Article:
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By CHRIS HAVEL
ESPN report: NFL’s 2018 compensatory picks will be kind to Packers after strategic moves; Also, NFL spring meetings set for this week
The NFL’s spring meetings this week in Chicago should bring interesting news on topics ranging from shorter overtimes to relaxed rules on end zone celebrations.
Frankly, I could do without O.T. and end zone displays. But I am a realist so I offer solutions.
End Zone celebrations
Choosing to – in the words of Aaron Rodgers – r-e-l-a-x the penalties for end zone dances and such is wise. The league should go a step further and request that its TV partners refrain from showing the celebrations altogether.
Fans that attend games get to see something TV viewers won’t, which is another great reason to buy a ticket. Also, ignoring the TD celebrations is a great way to promote sportsmanship.
The idea of penalizing and fining players for excess celebrations is ridiculous. Officials have far more important matters to adjudicate.
As for overtimes, and the league’s likely decision to go from 15 minutes to 10 minutes is stopping way too short of the goal line.
A regular-season game that ends in a tie should stay that way. The NFL prides itself on parity. In fact, it pats itself on the shoulder pads any chance it gets to brag about parity EXCEPT the most obvious reflection of it: Overtime games.
Why is an overtime game a pariah? I mean, aside from its impact on legal gambling?
The NFL is slowly but not so surely moving to shorten O.T. In fact, owners are likely to trim it by five minutes – from 15 to 10 in the regular season – by this week’s end.
Why stop at 10 minutes? There are times when NFL teams are incredibly close and they play like it.
Furthermore, the league uses statistics such as “point differential” in determining playoff seeds. Surely a tie after going helmet-to-helmet for four quarters is a much fairer way to break ties (no pun intended) for post-season seeding purposes.
The NFL reportedly also is going to expand its archaic rule regarding players returning from in-season IR. Teams will be able to bring back two players that fit the requirements. Again, it’s a move in the right direction that stops short.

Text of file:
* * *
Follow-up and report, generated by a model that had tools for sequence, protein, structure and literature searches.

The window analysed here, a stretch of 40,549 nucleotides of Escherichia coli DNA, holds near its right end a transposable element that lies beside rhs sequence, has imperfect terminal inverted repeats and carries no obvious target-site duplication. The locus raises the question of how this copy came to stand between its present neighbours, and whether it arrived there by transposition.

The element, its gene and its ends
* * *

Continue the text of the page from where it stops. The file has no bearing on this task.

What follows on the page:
Why does a league that espouses player safety still maintain outdated game-day roster limits? I mean aside from saving comparative peanuts on player salaries?
What price can be put on an NFL playoff team losing its quarterback to injury because it ran out of offensive linemen who were game-day active? What good does it do to have 10 practice squad players that practiced all week standing around in sweats and T-shirts on the sideline during games?
The NFL needs to open its eyes and expand game-day rosters.
Packers compensatory picks
Perhaps the best news this week was provided by an ESPN report that suggests the Packers might receive four compensatory picks in next year’s draft.
In fact, the Packers should receive a third-round pick in return for losing right guard T.J. Lang in free agency. By allowing Lang to leave without re-signing him, the Packers essentially traded him to whatever team (the Detroit Lions) he signed with in exchange for a 2018 third-round selection.
Who wouldn’t trade Lang for a third-round pick?
Packers GM Ted Thompson did. He avoided guaranteeing $10 million to an aging player and reportedly will receive a third-round pick in return.
Now that’s a sweet deal.
ESPN, which cited OverTheCap.com, believes the Packers will receive a third-round pick for Lang, a fifth-rounder for center J.C. Tretter (signed by Cleveland), a sixth-rounder for Jared Cook (signed by Oakland) and another sixth-rounder for Eddie Lacy (signed by Seattle).
The loss of defensive back Micah Hyde (signed by Buffalo) offsets the Packers’ signing of free agent tight end Martellus Bennett. The Packers’ other free agent signings – cornerback Davon House, tight end Lance Kendricks and defensive tackle Ricky Jean-Francois – were “street” free agents.
Chris Havel is a national best-selling author and his latest book is Lombardi: An Illustrated Life. Havel can be heard Monday through Friday from 4-6 p.m. CDT on WDUZ FM 107.5 The Fan, or on AM-1400, as well as Fan Internet Radio (www.thefan1075.com). Havel also hosts Event USA’s MVP Parties the evening before home games.